"That there be no breaking in, nor going out; that there be no complaining in or streets."
(verse 14 KJV)

All these blessings were actually in possession.  All these expressions should be understood in the present tense...'without mishap and without loss.'  'So well ordered is the police of the kingdom that there at not depredations, no robbers, house-breakers, or marauding parties in the land; no sudden incursions of neighbouring tribes or banditti breaking into fields or houses, carrying away property, and taking the people to sell them under captivity: there is no such breaking in, and no such going out, in the nation.  My enemies are either become friends, and are united with me in political interest; or are, through fear, obliged to stand aloof." (Adam Clarke)

Sadly I woke this morning to the news that a second cousin, 46 years old had been murdered, her car stolen on Christmas Day in Washington D.C., tragic news.  Her grandmother would have been my grandmother's sister.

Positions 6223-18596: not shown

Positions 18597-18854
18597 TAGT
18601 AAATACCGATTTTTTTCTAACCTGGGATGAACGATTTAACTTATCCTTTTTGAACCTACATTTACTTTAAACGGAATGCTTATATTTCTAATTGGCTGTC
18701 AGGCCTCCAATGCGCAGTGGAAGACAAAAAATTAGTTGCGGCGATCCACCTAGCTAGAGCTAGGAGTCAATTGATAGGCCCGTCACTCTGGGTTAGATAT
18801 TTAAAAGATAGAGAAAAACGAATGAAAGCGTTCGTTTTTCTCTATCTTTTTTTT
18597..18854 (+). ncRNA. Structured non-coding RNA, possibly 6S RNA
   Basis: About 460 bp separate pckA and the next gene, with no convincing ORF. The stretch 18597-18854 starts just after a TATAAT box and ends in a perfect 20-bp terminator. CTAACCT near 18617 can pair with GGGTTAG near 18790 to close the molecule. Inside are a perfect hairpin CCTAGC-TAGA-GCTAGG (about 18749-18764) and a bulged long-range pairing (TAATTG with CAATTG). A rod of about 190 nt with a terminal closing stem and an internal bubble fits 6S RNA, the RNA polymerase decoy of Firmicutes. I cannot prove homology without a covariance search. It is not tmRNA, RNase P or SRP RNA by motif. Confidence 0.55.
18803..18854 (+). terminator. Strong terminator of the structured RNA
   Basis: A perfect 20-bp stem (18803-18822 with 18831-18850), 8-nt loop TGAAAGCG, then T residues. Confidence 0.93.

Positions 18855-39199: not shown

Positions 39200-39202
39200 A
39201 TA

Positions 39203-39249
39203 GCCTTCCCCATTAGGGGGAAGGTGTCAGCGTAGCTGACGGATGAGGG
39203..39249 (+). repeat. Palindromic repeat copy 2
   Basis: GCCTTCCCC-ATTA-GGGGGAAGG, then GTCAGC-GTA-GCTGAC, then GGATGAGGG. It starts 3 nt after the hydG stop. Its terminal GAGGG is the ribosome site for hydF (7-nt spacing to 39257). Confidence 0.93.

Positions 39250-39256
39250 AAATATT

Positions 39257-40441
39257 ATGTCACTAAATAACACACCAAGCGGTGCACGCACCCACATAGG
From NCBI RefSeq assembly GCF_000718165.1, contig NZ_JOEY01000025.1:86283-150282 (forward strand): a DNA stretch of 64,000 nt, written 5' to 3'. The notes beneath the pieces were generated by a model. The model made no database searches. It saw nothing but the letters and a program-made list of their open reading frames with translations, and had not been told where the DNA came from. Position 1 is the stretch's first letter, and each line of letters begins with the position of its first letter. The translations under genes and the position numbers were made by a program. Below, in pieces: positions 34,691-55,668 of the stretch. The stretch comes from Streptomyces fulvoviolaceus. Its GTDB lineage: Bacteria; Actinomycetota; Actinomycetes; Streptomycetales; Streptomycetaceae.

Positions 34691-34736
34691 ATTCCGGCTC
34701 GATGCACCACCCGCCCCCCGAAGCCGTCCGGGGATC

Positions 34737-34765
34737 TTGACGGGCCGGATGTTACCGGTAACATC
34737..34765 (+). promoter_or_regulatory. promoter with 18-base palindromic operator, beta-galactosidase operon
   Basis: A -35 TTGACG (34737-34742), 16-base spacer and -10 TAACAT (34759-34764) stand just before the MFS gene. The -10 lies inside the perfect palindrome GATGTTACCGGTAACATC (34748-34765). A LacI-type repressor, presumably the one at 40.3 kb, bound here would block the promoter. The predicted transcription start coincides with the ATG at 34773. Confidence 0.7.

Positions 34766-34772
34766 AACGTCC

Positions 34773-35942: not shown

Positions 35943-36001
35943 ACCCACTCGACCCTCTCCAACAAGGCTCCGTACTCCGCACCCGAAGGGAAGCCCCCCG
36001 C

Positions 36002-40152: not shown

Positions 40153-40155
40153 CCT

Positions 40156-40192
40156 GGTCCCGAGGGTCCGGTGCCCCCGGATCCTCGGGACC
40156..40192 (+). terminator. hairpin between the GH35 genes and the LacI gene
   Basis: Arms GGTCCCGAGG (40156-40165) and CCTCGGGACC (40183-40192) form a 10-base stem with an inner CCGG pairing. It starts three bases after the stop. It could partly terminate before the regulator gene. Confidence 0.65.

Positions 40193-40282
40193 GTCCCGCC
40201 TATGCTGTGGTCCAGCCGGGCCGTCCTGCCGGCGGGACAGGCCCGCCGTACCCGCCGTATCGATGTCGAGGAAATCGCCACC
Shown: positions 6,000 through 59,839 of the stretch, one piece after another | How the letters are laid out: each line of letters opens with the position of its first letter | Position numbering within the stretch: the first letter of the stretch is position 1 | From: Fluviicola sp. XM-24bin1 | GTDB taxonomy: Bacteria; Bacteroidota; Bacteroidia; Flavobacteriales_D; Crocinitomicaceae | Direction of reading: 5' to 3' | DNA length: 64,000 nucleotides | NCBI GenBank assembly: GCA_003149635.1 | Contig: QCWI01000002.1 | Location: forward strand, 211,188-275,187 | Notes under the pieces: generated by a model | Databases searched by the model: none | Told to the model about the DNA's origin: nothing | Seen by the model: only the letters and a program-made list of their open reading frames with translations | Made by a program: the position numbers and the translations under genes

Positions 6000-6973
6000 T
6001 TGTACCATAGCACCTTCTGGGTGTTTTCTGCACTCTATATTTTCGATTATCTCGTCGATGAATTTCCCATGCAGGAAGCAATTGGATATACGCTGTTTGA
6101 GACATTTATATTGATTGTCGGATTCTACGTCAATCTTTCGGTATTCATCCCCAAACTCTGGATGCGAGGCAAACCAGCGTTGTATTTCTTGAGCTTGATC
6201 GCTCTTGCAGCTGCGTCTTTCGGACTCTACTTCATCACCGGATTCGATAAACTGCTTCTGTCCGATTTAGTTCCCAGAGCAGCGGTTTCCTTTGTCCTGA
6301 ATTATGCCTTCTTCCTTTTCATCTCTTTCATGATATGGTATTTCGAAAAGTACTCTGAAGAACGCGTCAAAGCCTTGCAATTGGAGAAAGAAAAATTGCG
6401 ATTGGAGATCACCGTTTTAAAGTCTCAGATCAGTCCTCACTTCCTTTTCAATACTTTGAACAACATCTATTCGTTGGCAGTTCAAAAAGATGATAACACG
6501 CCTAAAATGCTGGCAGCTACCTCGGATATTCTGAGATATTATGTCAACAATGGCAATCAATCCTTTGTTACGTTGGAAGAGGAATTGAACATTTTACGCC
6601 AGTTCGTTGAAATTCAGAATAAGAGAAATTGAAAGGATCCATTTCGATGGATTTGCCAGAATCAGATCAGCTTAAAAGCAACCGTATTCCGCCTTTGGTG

If you've ever been robbed, you know that it is a feeling of violation.  Someone has trespassed and grabbed things away.  When we lived in the country, we were robbed seven times in eight years there.  Thieves knew that the response time of the sheriff was enough delayed for them to get away.  It was funny though that years later we found the exact marked Barbie case full of Barbie clothes that had been stolen from our young daughter, in a thrift shop.  I also found an unmistakable piece of broken jewelry, a piece of jade from my grandmother, of no great worth, but definitely mine.  However, most of what was stolen was never recovered.  Even in the nice neighborhood where we live now, so many bikes have been stolen that we've lost count.  I know, you'd think our boys would learn that they needed to lock them up, but tell that to an ADD child. Now that I've learned to shop for Christmas online, the FedEx man jumps off his truck with our packages, does the ding-dong ditch kind of thing, and we know a package is hidden somewhere on the porch so as not to attract a thief.